Why are the mechanics so good in Indo? They learn to hold a wrench before they can walk. 

Why are the mechanics so good in Indo? They learn to hold a wrench before they can walk. 

That afternoon we jumped on the bikes to the beach there was to be 7 of us.  A ratted matchless, 3 WLAs, a couple of BSA and Cosmas bikeexif level cool custom. Seriously follow this link for more details on this bike.

 A bunch of old bikes, winding mountain roads and a grin on everyone’s face. It was a great feeling. The quality of the road also allowed us to really get the most out of our bikes.  I feel I need to say that I often get pulled up on how hard I push my bike - scraping pegs, cornering too fast and just generally being a hooligan on an old bike. I have to say though, these guys rode the be-jesus out of me. Bikes that had 20 years on mine, suicide shifters and no rear suspension footplate carving every corner. It was nuts. Some kids love standing on their seats (guilty) while riding.  Watching Teddy handsfree stand on his 42 WLA ridged…well it made me feel like I should put my training wheels back on.  Once at the beach the first cold beer was cracked.  The beach was perfect, movie set perfect. Waves, little huts, dramatic rocks and cliffs. If this was Bali it would be packed with hotels. Instead it was us, a few locals and thatched hut/bar/daybed type things called Bales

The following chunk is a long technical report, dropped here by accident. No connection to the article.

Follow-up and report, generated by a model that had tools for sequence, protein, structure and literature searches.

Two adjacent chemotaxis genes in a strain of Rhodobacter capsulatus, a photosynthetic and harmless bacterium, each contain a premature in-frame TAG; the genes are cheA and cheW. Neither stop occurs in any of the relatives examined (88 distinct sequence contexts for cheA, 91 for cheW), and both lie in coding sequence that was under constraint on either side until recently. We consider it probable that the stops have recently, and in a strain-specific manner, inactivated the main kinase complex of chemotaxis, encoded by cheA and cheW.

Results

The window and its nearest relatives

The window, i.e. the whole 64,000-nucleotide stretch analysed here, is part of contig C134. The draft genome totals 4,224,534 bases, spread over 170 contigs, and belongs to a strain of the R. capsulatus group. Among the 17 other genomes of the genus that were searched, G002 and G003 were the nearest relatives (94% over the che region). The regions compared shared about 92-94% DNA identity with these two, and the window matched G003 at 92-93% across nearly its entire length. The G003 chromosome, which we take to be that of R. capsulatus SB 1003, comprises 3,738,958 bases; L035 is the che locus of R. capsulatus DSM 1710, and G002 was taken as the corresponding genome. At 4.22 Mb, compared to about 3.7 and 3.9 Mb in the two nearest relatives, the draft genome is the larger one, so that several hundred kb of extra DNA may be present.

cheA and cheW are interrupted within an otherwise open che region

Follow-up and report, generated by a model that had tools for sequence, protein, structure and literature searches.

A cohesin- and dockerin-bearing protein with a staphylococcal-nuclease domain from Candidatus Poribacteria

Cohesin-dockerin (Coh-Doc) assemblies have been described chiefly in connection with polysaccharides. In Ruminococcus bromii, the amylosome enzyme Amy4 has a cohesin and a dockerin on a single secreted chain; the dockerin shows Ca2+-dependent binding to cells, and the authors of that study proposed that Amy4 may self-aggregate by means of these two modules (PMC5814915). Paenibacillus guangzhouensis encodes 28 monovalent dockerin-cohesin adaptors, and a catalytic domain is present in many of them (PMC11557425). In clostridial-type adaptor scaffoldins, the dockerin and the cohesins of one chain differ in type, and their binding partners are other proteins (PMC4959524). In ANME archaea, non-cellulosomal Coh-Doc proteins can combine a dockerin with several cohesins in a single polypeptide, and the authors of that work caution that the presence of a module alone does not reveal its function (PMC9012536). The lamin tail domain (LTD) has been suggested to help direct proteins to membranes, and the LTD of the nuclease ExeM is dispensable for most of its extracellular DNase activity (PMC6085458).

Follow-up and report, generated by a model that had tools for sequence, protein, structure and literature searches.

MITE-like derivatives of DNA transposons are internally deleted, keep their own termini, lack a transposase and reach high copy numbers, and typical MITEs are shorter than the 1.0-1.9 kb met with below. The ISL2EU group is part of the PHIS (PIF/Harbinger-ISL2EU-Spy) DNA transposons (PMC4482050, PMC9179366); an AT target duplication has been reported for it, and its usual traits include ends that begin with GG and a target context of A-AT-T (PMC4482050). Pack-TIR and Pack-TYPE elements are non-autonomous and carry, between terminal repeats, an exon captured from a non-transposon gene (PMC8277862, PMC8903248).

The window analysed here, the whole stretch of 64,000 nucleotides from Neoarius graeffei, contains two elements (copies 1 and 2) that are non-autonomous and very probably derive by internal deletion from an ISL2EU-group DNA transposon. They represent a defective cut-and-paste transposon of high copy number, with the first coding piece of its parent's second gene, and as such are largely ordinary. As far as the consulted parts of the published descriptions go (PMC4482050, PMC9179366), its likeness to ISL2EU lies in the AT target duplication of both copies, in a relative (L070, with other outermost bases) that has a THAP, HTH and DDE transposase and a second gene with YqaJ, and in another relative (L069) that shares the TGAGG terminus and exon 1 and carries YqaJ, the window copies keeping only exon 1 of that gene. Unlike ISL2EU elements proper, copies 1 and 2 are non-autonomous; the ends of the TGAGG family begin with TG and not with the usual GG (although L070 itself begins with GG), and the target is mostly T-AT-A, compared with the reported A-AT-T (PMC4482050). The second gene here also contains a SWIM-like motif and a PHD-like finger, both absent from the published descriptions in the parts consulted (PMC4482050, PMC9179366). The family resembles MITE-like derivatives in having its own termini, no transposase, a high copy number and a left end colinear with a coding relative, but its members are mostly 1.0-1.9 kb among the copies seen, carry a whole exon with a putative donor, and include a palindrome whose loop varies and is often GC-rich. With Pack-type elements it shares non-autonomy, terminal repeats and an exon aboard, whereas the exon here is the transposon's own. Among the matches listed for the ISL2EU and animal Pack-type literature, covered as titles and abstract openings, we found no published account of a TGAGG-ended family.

Not a bad place to kick it and drink some beers. 

Not a bad place to kick it and drink some beers. 

 Our drinking table.. and later our resting area. 

Our drinking table.. and later our resting area. 

After a few beers I started winding it back - aware of the night ride through the mountains.  Noticing my slowing pace, I was pulled up and quickly told we would be spending the night there. Sleeping at the bar under the thatch. Perfect. I grabbed another beer - one of many. Eventually falling alseep under my jacket, with my friends’ glasses clinking and waves not too far away.

 In the morning we woke with a tasty breakfast, coffee and a clutch issue with a WLA. The clutch plate bolt had threaded. Mr Agung grabbed one of left over beer cans from the night before, drank the last few sips, pulled it apart and used some plumbing tape to get some traction on this bolt. 

 This Matchless has no right to run as well as did. The owner rode me under the table with it. 

This Matchless has no right to run as well as did. The owner rode me under the table with it. 

The ride back was at a more relaxed pace. It might have been the hangovers or perhaps everyone was just taking in the last moments of the weekend while they could. 

 I think we have a habit of trying to overcomplicate what makes us happy and what is needed to have little adventures. I had just had the most amazing weekend. No real plans, friends, bikes and a friendly thatch roofed bar - no frills but all fun.